Arctic architecture

Blouin Orzes architectes has spent decades working to understand the needs of Inuit communities in the Canadian north.

March 18, 2020

The firm's first Nunavik project, a co-op hotel built in the village of Inukjuak in 2000. Credit: Blouin Orzes

Every summer, a container boat leaves Montreal and heads to the remote Canadian north, loaded with construction materials. In its hold: every beam, nail, drywall board, and paint can needed for every building slotted to go up in 14 remote coastal villages of the Nunavik Territory over the next year.

“The departure of the boat at the end of June from Montreal in fact is day one of the season of construction over there. This is really a non-negotiable date. You have to live with it,” said Marc Blouin, who co-directs Montreal firm Blouin Orzes architectes with Catherine Orzes. The short Arctic summer stretches from approximately July to October; once winter sets in, it becomes nearly impossible to transport large quantities of material or work on outdoor building sites. “If you’re late in the process of the bid for material or for contractors, for sure your project will be postponed to the year after.”

Blouin has been working in the Canadian Arctic since 2000, when he was commissioned to design a prototype hotel for Nunavik, the northernmost region of Quebec. The client, La Fédération des coopératives du Nouveau-Québec, is one of several co-ops run by and for the indigenous communities who populate the region, providing critical services like banking, retail, and construction.

The prototype project eventually grew into commissions for hotels and stores in eight villages. The work spanned more than a decade (Orzes joined the team in 2012), enabling the designers to spend time with residents and learn about their needs.

The village of Salluit, Quebec, with Blouin Orzes' co-op hotel on the water's edge. Credit: Blouin Orzes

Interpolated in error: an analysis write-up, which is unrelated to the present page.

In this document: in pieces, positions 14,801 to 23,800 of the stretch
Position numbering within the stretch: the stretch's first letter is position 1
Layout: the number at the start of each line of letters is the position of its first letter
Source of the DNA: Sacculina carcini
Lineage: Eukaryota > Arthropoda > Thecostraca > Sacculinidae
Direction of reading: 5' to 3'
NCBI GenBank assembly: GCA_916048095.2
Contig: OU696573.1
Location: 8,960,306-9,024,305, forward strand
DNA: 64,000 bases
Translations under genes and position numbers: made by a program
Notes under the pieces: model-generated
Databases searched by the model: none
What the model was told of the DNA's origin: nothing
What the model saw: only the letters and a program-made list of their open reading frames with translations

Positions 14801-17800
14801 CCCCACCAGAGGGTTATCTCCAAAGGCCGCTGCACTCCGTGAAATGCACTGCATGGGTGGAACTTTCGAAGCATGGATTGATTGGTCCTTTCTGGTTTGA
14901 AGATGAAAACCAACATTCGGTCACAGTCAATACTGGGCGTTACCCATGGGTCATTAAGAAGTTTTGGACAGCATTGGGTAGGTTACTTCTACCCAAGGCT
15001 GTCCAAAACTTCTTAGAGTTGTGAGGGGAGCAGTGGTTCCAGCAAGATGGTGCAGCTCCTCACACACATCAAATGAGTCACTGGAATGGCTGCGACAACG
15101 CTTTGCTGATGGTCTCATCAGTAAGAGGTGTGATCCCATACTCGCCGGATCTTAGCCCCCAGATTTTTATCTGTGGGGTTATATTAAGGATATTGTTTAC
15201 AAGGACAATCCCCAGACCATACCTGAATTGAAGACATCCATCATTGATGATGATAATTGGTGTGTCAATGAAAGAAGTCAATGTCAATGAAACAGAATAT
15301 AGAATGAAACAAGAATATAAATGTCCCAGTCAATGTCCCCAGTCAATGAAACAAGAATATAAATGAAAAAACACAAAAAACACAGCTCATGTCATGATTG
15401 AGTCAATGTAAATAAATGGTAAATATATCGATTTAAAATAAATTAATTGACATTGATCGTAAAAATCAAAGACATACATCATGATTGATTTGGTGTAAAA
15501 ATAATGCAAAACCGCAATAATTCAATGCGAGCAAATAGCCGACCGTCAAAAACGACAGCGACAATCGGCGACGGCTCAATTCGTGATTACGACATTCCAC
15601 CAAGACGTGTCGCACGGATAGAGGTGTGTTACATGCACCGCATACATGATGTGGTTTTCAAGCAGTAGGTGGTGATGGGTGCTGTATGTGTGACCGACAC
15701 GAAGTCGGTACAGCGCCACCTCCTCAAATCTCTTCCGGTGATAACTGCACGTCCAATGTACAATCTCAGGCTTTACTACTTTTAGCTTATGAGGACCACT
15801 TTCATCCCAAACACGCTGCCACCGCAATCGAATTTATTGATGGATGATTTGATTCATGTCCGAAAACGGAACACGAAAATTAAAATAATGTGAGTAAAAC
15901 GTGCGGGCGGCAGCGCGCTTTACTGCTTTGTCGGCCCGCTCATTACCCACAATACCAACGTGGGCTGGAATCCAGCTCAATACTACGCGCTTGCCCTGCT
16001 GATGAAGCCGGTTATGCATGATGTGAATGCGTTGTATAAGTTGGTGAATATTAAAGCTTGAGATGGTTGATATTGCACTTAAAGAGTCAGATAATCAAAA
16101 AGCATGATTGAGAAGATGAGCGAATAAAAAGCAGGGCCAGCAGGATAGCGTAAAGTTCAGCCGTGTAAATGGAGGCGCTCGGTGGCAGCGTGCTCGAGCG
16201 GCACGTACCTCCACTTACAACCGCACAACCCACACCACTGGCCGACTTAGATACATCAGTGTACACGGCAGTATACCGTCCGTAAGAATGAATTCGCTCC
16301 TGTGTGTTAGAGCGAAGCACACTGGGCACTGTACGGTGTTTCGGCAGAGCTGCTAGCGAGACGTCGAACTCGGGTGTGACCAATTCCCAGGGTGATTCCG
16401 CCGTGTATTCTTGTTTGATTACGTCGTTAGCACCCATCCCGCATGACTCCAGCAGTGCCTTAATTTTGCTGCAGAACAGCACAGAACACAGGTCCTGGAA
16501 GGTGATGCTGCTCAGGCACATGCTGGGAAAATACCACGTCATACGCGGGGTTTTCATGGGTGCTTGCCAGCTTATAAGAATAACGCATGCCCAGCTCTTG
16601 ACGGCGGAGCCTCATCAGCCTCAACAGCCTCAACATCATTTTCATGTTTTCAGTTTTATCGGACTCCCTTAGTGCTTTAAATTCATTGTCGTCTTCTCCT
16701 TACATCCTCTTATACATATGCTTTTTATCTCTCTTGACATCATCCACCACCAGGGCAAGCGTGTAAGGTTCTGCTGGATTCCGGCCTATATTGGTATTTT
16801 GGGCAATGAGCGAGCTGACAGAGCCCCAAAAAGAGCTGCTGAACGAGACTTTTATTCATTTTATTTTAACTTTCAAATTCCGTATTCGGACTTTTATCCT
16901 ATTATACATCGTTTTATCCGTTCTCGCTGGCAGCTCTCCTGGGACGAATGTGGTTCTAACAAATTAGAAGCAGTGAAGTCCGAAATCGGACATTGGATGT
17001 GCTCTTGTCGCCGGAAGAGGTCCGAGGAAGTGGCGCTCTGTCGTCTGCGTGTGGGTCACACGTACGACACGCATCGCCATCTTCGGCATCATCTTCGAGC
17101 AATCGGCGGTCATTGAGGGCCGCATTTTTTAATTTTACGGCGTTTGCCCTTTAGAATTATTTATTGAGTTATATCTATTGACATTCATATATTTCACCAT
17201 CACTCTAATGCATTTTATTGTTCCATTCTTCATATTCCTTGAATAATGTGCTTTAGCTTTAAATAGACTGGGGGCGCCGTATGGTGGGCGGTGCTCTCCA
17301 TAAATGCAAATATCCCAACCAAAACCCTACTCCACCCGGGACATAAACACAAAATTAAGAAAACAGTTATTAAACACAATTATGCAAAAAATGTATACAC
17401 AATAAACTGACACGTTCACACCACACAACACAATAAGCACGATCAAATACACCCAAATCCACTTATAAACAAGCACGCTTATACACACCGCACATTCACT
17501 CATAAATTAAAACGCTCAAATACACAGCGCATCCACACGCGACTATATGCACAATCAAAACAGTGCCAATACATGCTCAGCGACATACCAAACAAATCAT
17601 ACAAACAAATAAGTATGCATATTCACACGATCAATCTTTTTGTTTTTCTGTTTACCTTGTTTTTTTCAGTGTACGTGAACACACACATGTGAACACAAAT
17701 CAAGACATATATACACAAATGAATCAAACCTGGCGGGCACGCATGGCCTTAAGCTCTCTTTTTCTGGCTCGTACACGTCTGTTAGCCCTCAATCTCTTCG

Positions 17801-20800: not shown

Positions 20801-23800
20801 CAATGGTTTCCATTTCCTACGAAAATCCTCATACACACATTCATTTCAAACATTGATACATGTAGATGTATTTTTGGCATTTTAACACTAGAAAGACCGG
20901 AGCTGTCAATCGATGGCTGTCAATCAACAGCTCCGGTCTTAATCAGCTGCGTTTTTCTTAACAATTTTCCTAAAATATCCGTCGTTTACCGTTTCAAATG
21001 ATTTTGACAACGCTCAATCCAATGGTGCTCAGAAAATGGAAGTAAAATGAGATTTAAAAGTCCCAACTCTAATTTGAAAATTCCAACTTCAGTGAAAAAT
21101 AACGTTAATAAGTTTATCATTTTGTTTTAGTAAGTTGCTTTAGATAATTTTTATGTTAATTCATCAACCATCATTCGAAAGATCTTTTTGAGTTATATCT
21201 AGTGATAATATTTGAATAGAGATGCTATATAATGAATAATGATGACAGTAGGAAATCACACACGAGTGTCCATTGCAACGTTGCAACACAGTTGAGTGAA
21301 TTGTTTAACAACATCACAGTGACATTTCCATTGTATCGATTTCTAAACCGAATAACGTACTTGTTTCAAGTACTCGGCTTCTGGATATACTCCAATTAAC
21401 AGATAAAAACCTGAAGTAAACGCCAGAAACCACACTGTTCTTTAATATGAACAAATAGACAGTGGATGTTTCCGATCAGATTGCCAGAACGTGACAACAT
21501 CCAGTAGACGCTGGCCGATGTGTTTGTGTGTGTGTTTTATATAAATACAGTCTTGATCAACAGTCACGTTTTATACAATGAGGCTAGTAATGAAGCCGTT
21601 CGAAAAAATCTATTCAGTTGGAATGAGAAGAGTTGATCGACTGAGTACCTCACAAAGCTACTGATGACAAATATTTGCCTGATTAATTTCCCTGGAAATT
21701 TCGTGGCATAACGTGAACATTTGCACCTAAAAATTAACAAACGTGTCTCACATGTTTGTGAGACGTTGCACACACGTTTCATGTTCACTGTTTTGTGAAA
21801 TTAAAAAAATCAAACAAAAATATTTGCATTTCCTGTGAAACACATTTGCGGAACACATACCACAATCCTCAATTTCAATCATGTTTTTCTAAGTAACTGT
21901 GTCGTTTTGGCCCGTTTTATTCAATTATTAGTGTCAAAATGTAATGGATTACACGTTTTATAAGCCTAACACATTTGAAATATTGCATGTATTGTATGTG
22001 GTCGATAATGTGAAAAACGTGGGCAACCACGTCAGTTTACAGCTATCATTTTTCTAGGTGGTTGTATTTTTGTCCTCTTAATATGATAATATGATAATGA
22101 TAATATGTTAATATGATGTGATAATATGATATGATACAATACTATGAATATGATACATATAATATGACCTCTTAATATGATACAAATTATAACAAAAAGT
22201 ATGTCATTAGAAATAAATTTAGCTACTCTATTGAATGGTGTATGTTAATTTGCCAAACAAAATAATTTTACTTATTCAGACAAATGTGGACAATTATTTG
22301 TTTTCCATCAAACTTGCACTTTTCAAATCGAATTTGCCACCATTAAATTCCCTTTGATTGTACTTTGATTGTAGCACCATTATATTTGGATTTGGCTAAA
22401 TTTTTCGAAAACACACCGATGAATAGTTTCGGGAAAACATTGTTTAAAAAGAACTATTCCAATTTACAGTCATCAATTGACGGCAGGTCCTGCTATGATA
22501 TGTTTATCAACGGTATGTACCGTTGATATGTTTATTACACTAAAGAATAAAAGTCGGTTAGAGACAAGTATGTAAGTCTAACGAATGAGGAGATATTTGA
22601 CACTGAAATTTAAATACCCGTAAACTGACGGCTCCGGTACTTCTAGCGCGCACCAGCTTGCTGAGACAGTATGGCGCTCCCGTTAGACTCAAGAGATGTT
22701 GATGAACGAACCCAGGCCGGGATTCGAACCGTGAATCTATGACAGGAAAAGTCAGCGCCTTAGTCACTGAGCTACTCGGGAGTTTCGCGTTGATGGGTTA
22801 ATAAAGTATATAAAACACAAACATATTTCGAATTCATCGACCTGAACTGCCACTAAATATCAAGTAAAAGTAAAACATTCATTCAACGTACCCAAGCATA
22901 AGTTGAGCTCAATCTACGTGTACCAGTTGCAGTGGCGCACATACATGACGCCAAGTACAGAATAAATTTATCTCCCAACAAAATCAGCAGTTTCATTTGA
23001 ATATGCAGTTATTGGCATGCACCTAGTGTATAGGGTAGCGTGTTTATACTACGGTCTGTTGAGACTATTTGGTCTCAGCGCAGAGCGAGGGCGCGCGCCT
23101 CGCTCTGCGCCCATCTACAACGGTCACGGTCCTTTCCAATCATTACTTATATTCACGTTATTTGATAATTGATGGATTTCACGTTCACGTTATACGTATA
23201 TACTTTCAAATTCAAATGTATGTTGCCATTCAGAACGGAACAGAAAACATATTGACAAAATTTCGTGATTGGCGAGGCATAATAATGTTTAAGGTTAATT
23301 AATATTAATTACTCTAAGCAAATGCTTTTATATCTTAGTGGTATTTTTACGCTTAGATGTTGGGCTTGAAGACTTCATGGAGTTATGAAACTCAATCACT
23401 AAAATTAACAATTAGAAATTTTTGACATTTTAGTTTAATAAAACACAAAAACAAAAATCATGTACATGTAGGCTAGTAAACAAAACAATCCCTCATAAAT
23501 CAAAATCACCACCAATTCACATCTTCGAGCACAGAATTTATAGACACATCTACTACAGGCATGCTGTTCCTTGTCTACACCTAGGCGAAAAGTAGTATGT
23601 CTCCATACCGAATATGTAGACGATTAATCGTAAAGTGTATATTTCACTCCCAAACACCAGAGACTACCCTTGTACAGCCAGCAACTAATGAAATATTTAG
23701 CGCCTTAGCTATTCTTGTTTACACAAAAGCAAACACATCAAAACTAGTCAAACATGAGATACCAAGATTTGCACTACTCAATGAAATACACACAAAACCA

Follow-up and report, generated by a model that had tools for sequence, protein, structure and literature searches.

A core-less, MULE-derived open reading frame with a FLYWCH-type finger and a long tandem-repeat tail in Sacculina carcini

This kind of exposure is particularly important in a region whose architectural history bears little resemblance to that of southern Canada. Until the 1950s, many Inuit communities were semi-nomadic, building their own dwellings out of snow and animal skins as they moved around in pursuit of game. “The whole context there is really complex in terms of social, cultural, and geographic aspects of the territory. With the Inuit community, it takes a long, long time to really understand their reality,” Blouin said.

Today, community engagement remains a vital aspect of Blouin Orzes’s work. The early phases of projects can stretch on for several years, affording opportunities to explore different options with project stakeholders. “Time is on our side, because life is slower over there,” said Blouin. “It’s different from most of the projects we’re used to in the south, where clients want their project for the next month.”

From gym to concert hall

The insights gained from these conversations can sometimes radically change the design. For one project in the village of Kuujjuaraapik, the firm was commissioned to design a community center that could serve as both gymnasium and event space—a common building type in Nunavik. But over time, it became clear that local residents had dreams that would be better served by a different kind of building.